Overall, a beautiful piece.
 — WindingRhyme

For asphalt blisters, I defer to your greater knowledge of heat and hot places. I'm living in cool, rainy Seattle, and even though my childhood was spent in Minnesota, which can get pretty hot in the summers, I've never seen tar actually bubbling with heat.

For the word "jones" (lower-cased), see http://dict ionary.reference.com/browse/jones

For a more thorough exploration of jones/Jones, including origin, see htt p://www.urbandictionary.com/define.php?term=jones
...keeping in mind that this is a user-constructed dictionary, so there are a lot of duplicate or garbage entries.
 — leukothea

Hey there mikki,

Line 10 -“Interim” somehow sounds very technical, consider replacing interim with “gap” it gives two connotations: a break in continuity and also refers to a breach, a rift, a lack of balance which seems to be what the speaker is expressing regarding his lull from this woman’s absence.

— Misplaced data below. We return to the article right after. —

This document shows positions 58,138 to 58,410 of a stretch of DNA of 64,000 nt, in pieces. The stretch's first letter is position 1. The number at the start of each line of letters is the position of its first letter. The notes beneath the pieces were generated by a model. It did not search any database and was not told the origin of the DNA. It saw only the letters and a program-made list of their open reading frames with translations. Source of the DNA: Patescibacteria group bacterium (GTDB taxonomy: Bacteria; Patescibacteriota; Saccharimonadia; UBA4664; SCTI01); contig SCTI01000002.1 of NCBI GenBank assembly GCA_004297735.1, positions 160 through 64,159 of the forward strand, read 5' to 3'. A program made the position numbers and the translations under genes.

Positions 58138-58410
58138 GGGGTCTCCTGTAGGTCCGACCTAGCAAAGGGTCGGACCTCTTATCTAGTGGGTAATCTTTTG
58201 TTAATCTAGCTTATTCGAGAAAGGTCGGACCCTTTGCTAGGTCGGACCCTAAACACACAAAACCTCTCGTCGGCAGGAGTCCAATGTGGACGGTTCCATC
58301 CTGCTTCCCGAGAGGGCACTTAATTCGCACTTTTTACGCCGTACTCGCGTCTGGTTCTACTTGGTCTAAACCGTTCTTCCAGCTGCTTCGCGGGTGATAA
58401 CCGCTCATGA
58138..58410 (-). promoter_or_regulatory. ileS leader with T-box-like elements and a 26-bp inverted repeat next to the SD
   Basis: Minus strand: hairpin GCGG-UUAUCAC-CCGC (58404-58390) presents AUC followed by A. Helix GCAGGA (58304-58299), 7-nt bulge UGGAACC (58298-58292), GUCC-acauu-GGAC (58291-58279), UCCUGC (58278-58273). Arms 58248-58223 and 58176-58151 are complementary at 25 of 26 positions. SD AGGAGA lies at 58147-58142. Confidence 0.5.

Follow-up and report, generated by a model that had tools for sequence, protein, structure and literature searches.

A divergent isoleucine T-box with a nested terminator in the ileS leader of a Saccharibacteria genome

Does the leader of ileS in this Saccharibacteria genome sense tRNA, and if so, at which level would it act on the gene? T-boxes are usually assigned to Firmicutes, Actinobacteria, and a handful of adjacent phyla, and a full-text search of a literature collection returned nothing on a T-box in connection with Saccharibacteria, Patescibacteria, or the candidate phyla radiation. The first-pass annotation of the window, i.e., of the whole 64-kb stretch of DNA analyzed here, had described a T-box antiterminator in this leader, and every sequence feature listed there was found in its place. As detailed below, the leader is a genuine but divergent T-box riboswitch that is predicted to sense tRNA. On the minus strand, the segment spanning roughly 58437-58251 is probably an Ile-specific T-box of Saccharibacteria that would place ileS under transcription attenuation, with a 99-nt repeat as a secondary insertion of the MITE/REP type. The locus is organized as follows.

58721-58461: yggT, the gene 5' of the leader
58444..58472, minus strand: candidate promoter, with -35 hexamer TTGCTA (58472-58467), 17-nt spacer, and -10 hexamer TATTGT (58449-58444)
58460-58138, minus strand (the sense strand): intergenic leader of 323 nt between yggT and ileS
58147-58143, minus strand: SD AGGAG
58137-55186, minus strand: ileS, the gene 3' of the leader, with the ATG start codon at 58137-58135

Line 13 - I’m unsure about the word choice “spiked” as a descriptor, does the speaker imply a cutting (as in sarcastic), bitter or wounded exchange? The definition of spiked as an adjective is limited to the literal quality of being sharp.
Line 17 - the speaker doesn’t seem to have moved on from this failed relationship and it may reflect in his work, crippled seems too harsh, the speaker doesn’t sound like he’s devastated by her absence but more like stuck, here’s some alternatives: underdeveloped/inadequate/stunted/ flawed/imperfect
Line 7 - I had a problem with this line, the voice sounds very nonchalant when wondering about a possible miscarriage, I also feel that this detail is very important to the piece since you talk about an imaginary daughter in the last stanza, so by placing this line in between the lines of getting married and moving back it loses credibility. My suggestion is to either start with that detail on line 6 or end with it on line 8.